I left my two travelling buddies Sharan and Marco on our second day in Quito and headed off across the city, rocking back and forth from the weight of my luggage. First I headed to the Marsical district, the area the Lonely Planet is most often frequented by tourists because of it´s hoard of hostels, restaurants and bars. Annoyingly enough, the book didn´t have a single hostel listed and after walking around for 45 minutes I didn´t come across anything that even smelled like a backpacker´s hostel.
So after a quick juice, I headed off again. This time I decided to try the historic old town and maybe see if the Secret Garden, the award winning hostel I´d heard of, had any space for me. The hotel I´d stayed in the previous night had overcharged us and I was determined not to get ripped off again. So I told the taxi driver to keep moving when they saw me coming and headed for the trolley bus (what any other country would call a tram).
It never occured to me that maybe I was lugging too much stuff for over crowded public transport. At that stage I had my massive backpack on my back, my schoolbag full with books and a laptop on my front and a power converter cradled in my arm which weighed as much as either of the two bags.
I shuffled into the tram, getting pushed along by the crowd. I couldn´t hold onto anything becuse of the luggage so just had to fall onto people when it swayed and stopped. An elderly lady pointed quite angrily that my power converter was digging into her. The train was absolutely packed and as we neared what I thought was my stop I realised I had no way of getting out. I couldn´t turn around, and I was getting hotter and hotter in my big fleece squeezed in between angry Ecuadorians.
Eventually I announced that I had to get out and reversed. A guy saw what I was trying to do and moved the crowd so the stupid gringa could get off the tram. Thought my worries were over until I discovered the only way out of the mini station thing was through a full length turn style. It looked quite big so I went for it but it didn´t happen. I got completely stuck. Some children came over to point and laugh. I hade to move inches at a time, then back a bit, and slowly work my way out of it.
Things got better when I found my hostel, and looking around I decided it deserved all the awards it won. I´m so used to damn, half painted walls but this place was pretty! It has a roof top restaurant with a view of the city. Almost every night I was there, they had fireworks for some reason or another. Every night they have what is like a big dinner party. All the guests who want to eat put their name on a list (and if you don´t put your name down they come around to see what the matter is). Then around 7pm everyone sits down at one long table and sips wine and eats the best food I´ve had in this part of the world.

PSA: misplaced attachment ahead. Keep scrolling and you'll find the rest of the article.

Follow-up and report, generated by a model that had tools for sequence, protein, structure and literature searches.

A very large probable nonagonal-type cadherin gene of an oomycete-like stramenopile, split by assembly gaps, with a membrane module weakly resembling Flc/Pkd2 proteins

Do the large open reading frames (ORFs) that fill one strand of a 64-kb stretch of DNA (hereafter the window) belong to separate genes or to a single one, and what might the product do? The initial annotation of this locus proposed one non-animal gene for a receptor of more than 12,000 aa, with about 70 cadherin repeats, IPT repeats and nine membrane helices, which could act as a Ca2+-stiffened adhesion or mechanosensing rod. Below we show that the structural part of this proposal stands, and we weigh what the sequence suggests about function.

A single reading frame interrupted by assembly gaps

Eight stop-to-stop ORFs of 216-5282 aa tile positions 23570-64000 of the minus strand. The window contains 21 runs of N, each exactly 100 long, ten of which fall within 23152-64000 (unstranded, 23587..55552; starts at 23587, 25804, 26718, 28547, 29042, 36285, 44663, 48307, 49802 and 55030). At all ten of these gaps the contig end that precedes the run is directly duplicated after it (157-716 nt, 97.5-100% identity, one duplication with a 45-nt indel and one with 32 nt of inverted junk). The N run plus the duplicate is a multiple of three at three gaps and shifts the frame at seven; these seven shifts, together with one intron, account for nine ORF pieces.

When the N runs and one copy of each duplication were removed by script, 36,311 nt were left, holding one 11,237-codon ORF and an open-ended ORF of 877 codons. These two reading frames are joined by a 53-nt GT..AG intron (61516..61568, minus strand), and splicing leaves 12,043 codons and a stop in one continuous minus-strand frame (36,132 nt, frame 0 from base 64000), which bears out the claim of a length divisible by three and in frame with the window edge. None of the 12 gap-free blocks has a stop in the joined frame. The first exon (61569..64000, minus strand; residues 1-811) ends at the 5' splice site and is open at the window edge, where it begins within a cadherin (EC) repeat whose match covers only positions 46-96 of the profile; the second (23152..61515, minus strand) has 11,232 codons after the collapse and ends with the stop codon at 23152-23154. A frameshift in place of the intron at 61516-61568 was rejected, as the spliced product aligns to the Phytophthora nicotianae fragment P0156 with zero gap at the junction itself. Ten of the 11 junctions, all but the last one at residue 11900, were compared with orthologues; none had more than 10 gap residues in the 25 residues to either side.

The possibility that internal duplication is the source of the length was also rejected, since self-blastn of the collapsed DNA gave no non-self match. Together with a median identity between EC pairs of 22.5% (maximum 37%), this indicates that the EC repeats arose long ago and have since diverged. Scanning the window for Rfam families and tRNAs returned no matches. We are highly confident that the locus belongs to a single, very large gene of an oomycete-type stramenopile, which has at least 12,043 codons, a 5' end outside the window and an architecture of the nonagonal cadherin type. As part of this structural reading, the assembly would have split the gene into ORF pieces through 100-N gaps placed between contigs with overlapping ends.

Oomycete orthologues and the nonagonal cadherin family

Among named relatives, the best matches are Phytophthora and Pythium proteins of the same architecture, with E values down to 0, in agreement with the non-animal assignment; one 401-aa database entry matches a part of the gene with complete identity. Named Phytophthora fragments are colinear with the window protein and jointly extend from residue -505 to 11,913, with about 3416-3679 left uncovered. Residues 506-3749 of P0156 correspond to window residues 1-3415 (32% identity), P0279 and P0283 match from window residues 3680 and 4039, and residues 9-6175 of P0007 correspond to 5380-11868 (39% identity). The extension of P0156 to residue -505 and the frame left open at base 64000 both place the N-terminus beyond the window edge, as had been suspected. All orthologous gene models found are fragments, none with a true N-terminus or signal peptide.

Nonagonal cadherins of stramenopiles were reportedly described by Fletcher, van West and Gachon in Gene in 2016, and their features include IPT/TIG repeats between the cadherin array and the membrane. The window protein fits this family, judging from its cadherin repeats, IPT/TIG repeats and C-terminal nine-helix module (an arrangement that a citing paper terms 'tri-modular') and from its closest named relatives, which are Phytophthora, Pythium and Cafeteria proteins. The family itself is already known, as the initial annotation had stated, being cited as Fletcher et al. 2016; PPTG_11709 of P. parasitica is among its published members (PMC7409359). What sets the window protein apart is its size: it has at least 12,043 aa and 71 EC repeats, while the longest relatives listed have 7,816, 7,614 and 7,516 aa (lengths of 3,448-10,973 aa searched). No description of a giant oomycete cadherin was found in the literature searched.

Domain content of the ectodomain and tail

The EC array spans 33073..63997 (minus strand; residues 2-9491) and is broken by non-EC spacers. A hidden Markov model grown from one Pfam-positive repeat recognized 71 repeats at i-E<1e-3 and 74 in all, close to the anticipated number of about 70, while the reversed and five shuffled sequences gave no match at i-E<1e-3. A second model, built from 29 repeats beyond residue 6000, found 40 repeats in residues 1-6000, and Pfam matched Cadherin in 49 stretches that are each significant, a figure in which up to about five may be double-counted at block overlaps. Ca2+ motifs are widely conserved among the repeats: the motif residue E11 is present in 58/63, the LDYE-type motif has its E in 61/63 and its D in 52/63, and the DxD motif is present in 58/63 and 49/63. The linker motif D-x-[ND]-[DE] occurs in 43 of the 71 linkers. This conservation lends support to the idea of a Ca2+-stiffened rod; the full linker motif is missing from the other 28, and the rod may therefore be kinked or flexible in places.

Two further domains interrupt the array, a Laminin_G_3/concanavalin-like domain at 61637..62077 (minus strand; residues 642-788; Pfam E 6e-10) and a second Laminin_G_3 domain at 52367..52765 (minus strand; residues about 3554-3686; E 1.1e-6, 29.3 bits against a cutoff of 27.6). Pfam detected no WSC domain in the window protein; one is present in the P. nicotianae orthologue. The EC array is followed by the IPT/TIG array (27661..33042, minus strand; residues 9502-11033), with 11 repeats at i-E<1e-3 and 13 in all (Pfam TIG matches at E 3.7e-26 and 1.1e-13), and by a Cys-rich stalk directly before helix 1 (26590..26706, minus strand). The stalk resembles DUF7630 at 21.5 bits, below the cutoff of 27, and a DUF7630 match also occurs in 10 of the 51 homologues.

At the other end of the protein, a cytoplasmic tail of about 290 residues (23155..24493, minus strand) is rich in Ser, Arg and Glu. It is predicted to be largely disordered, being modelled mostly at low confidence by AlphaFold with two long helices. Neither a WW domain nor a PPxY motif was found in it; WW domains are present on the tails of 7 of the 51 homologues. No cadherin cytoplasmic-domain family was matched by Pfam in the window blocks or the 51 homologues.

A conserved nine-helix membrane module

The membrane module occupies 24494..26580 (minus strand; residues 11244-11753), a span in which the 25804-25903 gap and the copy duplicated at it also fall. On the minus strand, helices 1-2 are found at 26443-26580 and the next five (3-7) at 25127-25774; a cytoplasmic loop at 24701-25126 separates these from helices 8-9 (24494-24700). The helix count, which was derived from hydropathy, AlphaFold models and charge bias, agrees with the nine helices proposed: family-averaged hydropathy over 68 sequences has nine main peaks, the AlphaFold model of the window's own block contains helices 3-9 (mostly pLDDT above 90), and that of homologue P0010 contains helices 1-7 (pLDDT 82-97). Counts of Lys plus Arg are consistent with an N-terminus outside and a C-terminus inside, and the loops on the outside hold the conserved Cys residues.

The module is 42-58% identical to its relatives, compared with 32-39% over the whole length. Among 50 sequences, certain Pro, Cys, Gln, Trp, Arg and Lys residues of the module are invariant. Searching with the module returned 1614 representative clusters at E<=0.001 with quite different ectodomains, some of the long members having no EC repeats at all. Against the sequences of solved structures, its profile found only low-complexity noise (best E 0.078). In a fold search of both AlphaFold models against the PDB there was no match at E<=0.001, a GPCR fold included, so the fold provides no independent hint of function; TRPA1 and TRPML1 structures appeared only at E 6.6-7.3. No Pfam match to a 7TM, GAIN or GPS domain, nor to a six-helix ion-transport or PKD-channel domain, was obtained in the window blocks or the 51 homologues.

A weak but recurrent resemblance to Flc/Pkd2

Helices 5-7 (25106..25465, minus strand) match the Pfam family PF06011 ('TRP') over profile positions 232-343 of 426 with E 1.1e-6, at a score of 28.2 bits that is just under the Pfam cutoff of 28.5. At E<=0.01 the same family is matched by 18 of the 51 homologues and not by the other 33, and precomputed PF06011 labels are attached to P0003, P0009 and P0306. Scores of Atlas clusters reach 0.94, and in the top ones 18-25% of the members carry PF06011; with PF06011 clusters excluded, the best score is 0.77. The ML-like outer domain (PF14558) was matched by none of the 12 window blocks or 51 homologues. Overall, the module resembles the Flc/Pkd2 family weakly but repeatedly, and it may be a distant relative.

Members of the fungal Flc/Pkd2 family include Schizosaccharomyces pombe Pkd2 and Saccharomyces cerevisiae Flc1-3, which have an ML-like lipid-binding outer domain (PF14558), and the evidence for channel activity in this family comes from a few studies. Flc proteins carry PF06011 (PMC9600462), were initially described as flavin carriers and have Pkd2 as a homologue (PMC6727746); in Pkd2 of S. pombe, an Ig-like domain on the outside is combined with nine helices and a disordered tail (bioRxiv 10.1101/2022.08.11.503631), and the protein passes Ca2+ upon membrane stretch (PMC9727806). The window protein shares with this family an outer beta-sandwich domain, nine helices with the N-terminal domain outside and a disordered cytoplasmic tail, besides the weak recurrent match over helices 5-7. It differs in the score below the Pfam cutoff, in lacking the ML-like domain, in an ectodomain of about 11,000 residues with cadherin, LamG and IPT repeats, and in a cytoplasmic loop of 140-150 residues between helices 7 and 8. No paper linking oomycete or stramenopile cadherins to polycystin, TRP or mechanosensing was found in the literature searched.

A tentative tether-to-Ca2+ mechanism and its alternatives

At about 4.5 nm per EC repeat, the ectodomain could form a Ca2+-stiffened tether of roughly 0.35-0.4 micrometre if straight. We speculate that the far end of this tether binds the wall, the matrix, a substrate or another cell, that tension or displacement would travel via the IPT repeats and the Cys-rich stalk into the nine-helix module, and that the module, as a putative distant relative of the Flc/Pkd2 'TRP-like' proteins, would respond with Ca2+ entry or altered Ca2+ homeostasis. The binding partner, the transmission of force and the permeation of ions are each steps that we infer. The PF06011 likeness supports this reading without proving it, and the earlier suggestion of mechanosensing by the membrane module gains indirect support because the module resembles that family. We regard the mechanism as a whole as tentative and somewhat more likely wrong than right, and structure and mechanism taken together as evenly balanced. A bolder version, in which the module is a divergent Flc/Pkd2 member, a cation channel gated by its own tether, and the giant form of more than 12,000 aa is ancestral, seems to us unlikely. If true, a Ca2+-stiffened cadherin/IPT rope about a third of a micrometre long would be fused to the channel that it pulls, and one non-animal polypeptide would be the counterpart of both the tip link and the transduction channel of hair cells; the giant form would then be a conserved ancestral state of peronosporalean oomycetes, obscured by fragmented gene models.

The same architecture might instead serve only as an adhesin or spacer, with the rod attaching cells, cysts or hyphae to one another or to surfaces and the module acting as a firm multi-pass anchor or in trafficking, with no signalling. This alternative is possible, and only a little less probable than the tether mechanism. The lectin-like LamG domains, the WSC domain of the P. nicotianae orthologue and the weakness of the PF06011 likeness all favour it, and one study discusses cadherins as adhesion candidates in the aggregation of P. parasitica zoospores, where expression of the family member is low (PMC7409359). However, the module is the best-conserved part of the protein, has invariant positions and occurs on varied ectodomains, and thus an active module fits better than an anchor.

They also run trips and if a guest looks bored while sipping their free tea, the staff sometimes ask if they´d like to go on a trip. Maybe I looked bored while swinging in my hammock, because I got cornered into climbing a volcano.
I was extremely nervous about this. I figured I should know something about climbing, and have proper clothes and stuff before attempting a volcano. I didn´t have anything that even looked like sporting clothes with me, but I figured I was safe with an award winning hostel!
My fellow crew members included Olivia from Mayo, Angela from England and a Danish couple. We were told it would take 2 hours to climb (more walk really) up the volcano, called something like Guagua Pichincha, and an hour to get back down. We only realised half way up that it´s two hours if you hop in the back of the car for some of it, which we didn´t, so it turned into a 4 hour trek.
The last half an hour or so was amazing. It was like walking on a beach and we had to try and only stand on hardened bits of it to get a grip. It was incredibly cloudy, so it just looked surreal. First time I really thought ´I could be on another planet´.
We saw the contraption that tells us when an eruption is going to happen. Two blue plastic barrels with a television ariel out the top. Hope there´s more to that thing than I saw.
We reached the top, at 4717 metres and gave ourselves numerous pats on the back while eating the cookies I had supplied. I didn´t see the crater properly, or any smoking hot lava but nonetheless, it was work that 4 hour hike! I think I´ve found a new hobby!
Tags: Ecuador, Quito